• Businesses not being interested in doing business with an individual.

Gaucha Translations was born. “Gaucha” is a reference to Argentina. I loved it when I got a compliment for solving a problem creatively! “Translations” is only part of what I do. I am also an interpreter and an interpreter trainer. However, many clients do not know the difference between translators and interpreters, and I figured I could explain that later.  As usual, not everyone agrees with my choice of a name. However, it has worked well and many people now use it as my nickname. Oh, my car has a custom license plate now: Pampa (Gaucha was taken). The Pampa is the land of the gauchos in Argentina.

Business cards: I went to the Hillsboro Chamber of Commerce and networked, trying out several different homemade business cards as I went. I tested the type of information people would need to see and the type of card that was easy for me to use when others gave one to me. I also went to SCORE  to see what they recommended. I ended up with:

My business cards

My business cards

  • My business name and contact information on the front, with a brief list of credentials on the back.
  • White paper that would accept pencil and ballpoint markings
  • Reasonably thick card stock
  • Something graphic on the front. Lots of white space so they could write “Helen is Awesome” or simply “Wake Up Nov 5” and remember where they had met me
  • Professional printing

Website: Everyone has a website today! I paid for my domain name and my business name in the .com and .net versions. So, I own the following domains, and they all forward to the same web pagehttp://www.heleneby.com, http://www.heleneby.net, http://www.gauchatranslations.com and http://www.gauchatranslations.net.  A friend recommended that, saying people would search for me by my name as well as my business name. All of them forward to gauchatranslations.com.

I tested website content for months, with SCORE consultants and with the Hillsboro Chamber. Finally, I worked with a website designer to narrow it down. It cost money, but it was worth the investment. A few years later I landed a contract with a very interesting local company. I asked how they found me, and they told me I was the only local translator with a good website.

I view my website as a site people will consult after they hear about me elsewhere, whether through the Chamber of Commerce or some other means of networking. I always ask people how they found me before I do business with them.

At this point, I keep adding things to my website. Some things I do NOT put on my site:

  • Prices and sample contracts. I have standard terms in mind, but I want to introduce them to the client as part of the conversation.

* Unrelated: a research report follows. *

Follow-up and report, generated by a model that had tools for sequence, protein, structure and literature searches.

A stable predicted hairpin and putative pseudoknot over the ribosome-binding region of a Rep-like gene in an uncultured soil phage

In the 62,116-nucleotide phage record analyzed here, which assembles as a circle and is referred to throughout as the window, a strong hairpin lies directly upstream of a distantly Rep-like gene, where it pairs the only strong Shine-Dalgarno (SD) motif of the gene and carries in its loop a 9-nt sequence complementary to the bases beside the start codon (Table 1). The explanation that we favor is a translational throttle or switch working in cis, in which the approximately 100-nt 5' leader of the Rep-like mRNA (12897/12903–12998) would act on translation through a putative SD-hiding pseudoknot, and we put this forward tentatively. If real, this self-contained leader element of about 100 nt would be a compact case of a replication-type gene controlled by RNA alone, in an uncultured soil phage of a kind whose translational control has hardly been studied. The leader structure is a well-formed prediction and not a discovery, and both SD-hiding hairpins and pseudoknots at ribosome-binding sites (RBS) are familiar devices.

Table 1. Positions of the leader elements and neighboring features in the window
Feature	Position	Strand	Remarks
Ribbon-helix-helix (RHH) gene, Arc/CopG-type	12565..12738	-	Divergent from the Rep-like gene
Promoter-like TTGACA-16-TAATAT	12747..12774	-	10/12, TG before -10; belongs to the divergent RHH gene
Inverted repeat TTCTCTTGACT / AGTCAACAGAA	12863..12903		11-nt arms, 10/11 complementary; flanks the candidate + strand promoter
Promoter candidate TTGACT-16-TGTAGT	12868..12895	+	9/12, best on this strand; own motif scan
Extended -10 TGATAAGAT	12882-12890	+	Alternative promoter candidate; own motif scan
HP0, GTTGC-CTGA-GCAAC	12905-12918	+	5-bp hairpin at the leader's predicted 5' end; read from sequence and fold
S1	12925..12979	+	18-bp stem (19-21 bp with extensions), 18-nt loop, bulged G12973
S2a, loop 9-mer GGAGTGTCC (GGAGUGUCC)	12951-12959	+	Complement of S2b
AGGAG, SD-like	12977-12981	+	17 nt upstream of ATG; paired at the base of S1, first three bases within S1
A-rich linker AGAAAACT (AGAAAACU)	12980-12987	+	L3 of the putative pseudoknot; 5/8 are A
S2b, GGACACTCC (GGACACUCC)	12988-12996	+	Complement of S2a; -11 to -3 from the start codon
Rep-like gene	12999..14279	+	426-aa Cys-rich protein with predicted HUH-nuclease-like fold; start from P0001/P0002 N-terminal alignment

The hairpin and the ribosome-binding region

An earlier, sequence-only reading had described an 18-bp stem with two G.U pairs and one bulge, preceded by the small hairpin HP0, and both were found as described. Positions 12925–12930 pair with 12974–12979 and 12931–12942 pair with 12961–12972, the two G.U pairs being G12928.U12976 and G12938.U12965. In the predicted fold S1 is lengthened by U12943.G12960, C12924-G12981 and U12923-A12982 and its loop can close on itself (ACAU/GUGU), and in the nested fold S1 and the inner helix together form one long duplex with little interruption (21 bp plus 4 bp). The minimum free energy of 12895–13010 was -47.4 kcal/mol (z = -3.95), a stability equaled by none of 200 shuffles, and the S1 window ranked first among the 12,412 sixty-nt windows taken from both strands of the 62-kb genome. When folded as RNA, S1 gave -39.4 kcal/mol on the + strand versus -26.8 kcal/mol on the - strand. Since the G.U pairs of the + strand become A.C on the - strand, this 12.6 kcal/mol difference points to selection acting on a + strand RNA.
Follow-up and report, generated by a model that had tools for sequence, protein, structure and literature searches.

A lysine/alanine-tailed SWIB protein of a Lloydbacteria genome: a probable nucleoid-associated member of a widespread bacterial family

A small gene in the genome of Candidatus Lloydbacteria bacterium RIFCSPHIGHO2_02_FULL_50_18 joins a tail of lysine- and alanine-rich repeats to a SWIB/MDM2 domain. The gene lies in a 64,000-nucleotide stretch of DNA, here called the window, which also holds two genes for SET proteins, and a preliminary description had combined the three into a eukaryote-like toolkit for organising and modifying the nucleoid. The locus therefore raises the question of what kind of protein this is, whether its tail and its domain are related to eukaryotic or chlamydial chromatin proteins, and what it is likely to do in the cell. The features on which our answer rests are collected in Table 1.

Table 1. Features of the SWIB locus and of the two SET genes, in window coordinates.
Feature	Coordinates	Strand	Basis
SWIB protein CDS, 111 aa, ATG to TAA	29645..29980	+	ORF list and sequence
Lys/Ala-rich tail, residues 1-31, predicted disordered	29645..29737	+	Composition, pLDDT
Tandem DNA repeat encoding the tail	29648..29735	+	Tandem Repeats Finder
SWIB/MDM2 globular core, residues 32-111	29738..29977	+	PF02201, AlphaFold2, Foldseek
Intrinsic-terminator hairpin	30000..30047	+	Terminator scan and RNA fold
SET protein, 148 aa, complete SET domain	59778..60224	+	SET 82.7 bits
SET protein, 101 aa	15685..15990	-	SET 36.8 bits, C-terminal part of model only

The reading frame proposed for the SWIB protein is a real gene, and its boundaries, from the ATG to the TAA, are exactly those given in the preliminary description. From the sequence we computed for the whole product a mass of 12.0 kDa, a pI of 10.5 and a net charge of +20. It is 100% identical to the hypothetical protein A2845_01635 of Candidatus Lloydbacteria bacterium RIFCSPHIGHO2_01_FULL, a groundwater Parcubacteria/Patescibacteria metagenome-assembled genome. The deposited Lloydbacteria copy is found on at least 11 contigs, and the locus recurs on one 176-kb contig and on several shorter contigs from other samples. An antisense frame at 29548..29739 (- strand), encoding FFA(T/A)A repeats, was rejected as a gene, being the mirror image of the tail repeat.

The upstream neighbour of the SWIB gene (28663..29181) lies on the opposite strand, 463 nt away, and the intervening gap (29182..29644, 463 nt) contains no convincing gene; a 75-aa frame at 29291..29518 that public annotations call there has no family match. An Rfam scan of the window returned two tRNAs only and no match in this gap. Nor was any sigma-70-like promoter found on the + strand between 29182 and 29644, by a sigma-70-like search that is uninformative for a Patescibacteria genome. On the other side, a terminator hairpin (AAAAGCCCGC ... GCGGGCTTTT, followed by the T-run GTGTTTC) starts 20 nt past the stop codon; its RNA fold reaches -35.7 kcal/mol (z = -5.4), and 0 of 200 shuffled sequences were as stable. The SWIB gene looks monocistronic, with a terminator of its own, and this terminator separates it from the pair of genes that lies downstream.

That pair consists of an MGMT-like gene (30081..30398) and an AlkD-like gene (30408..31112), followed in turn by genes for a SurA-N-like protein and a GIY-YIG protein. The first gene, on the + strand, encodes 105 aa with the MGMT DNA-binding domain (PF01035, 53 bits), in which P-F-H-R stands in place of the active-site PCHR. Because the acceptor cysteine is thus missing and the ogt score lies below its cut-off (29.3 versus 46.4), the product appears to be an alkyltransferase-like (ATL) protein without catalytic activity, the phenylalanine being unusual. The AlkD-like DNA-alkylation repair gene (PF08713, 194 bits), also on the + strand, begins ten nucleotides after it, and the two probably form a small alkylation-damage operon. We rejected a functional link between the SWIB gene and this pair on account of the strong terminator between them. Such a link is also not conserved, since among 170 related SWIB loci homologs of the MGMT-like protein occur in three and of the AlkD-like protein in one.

• My resume. As a friend told me, I am offering a service, not looking for a job. I send a resume to those who ask for it, but generally ask people to check my website first. I tell them they will find more information on my site than on my resume.

One thing I DID put on my website:

  • My street address. When I check a website, I like to know it is a real business in a real place. I do a Google Maps search of a potential business partner’s address before I do business with them, and have discarded some options because their address appeared to be an abandoned warehouse in the middle of the fields or some other unreasonable location. I have never had security problems because of this.

Other things potential clients check:

  • My LinkedIn profile. Many members of the Hillsboro Chamber have told me that they validate my statements by checking me out on LinkedIn. As they have seen the types of people I am connected with, they have felt more inclined to trust me.

So far, all these steps are working for me because they are consistent with who I am. In the Hillsboro Chamber they say that people do business with those they know, like and trust. With my marketing materials and strategy, I try to be real so clients can know me and trust me, and not be disappointed later when they meet me in person. I do not want to appear to be larger than I am or try to look like an agency. As a matter of fact, I openly state that I am a sole proprietor. When speaking to people in the translation field, I call myself “a freelancer with a business name.”

Next installment: How I decided what I should charge (a geek in action)

Update: This article was originally posted without the image of Helen’s business cards.  This image has now been included.  Apologies to Helen for the mistake!